Patients with an initial MI were younger (mean age 57.8 vs 62.9), more likely to be men, and smoke;they were less likely to have type 2 diabetes or hypertension. About half had presented with non-STEMI (53%) and the rest had STEMI (46.9%).

Most patients (86%) had received a sirolimus-eluting stent (Cypher, Cordis), zotarolimus-eluting stent (Endeavor, Medtronic), paclitaxel-eluting stent (T axus, Boston Scientific), or everolimus-eluting stent (Xience, Abbott Vascular or Promus, Boston Scientific), and the rest (14%) had received a bare-metal stent. The patients received an average of 1.5 stents.

The relative reduction of stent thrombosis associated with continued clopidogrel or prasugrel use was similar for patients with and without an initial MI, but dual antiplatelet therapy was associated with a greater reduction of MACCE in patients with an initial MI. Continued thienopyridine use was associated with reduced MI but increased bleeding.

Outcomes at 12 to 30 Months After Stent Implantation

Outcome, initial presentation DAPT group (%) Placebo group (%) HR (95%CI) P
Stent thrombosis
MI 0.5 1.9 0.27(0.13–0.57) <0.001
No MI 0.4 1.1 0.33 (0.18– 0.60) <0.001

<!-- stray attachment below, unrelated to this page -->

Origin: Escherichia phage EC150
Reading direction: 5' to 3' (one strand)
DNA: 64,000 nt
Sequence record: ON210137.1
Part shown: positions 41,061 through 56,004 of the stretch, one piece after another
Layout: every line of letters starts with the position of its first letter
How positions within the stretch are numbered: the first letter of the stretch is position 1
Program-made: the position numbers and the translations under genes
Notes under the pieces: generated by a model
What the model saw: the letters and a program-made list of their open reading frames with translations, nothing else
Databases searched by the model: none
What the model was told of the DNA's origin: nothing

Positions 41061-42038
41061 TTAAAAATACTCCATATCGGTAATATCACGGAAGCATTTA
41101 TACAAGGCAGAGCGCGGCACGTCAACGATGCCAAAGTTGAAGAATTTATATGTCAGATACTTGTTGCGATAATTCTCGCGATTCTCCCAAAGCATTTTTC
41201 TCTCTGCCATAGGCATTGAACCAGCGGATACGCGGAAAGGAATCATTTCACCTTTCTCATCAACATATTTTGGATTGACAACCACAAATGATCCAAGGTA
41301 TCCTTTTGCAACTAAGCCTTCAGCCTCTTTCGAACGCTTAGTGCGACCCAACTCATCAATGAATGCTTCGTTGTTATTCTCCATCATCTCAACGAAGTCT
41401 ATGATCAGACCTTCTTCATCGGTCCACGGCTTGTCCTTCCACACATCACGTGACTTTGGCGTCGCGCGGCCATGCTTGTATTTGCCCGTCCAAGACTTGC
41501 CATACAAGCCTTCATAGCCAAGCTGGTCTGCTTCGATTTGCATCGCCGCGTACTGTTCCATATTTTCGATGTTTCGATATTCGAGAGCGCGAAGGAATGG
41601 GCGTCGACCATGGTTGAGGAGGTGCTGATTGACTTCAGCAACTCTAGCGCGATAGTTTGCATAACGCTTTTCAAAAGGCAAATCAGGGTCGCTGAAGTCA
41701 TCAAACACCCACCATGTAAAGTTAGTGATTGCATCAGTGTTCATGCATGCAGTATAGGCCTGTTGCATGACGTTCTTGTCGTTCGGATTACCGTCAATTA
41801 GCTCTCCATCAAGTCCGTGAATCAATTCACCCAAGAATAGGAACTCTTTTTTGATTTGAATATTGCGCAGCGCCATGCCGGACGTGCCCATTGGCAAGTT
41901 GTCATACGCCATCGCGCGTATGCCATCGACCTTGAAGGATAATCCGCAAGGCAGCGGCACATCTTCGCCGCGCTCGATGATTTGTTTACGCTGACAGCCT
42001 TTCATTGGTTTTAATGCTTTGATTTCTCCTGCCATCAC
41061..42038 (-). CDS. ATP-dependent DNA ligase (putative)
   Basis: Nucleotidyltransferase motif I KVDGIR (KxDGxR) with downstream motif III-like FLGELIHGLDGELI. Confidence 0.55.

MACCE
MI 3.9 6.8 0.56 (0.42–0.76) <0.001
No MI 4.4 5.3 0.83 (0.68– 1.02) 0.08
Bleeding*
MI 1.9 0.8 2.38 (1.27– 4.43) 0.005
No MI 2.6 1.7 1.53 (1.12– 2.08) 0.007
MI
MI 2.2 5.2 0.42 (0.29– 0.62) <0.001
No MI 2.1 3.5 0.60 (0.45– 0.79) <0.001
Death
MI 1.4 1.6 0.87 (0.50– 1.50) 0.61
No MI 2.1 1.5 1.43 (1.02–2.00) 0.04
*Bleeding=moderate to severe GUSTO bleeding
MACCE=major adverse cardiovascular or cerebrovascular events (the composite of death, MI, or stroke)

"Continued thienopyridine therapy over an 18-month treatment period was associated with an absolute risk reduction of 2.9% for myocardial infarction and 1.4% for stent thrombosis and an absolute risk increase of 1.1% for moderate or severe bleeding . . . among patients with MI," Yeh and colleagues summarize.

Since other studies have shown that ischemic events have a greater impact on quality of life than mild or moderate bleeding events, "our results suggest that among acute-MI patients undergoing PCI, there is a strong benefit for continuing thienopyridine therapy beyond 12 months after presentation . . . [and] even among patients without MI . . . [among patients] able to tolerate the first year of dual antiplatelet therapy," they add. The benefits appeared to be similar with clopidogrel or prasugrel and paclitaxel- or non–paclitaxel-eluting stents.

"We have an [National Institutes of Health] NIH grant to develop a clinical tool that might help identify patients for whom it's exceedingly necessary to continue [the dual antiplatelet therapy] and the population of patients for whom it would be safer to discontinue," Yeh said.

The study was sponsored by Harvard Clinical Research Institute and funded by Abbott, Boston Scientific, Cordis, Medtronic, Bristol-Myers Squibb/Sanofi Pharmaceuticals Partnership, Eli Lilly, Daiichi Sankyo, and the US Department of Health and Human Services. Dr Yeh is on the advisory board of Abbott Vascular and received consulting fees from Gilead Sciences and Merck. Disclosures for the coauthors are listed in the article.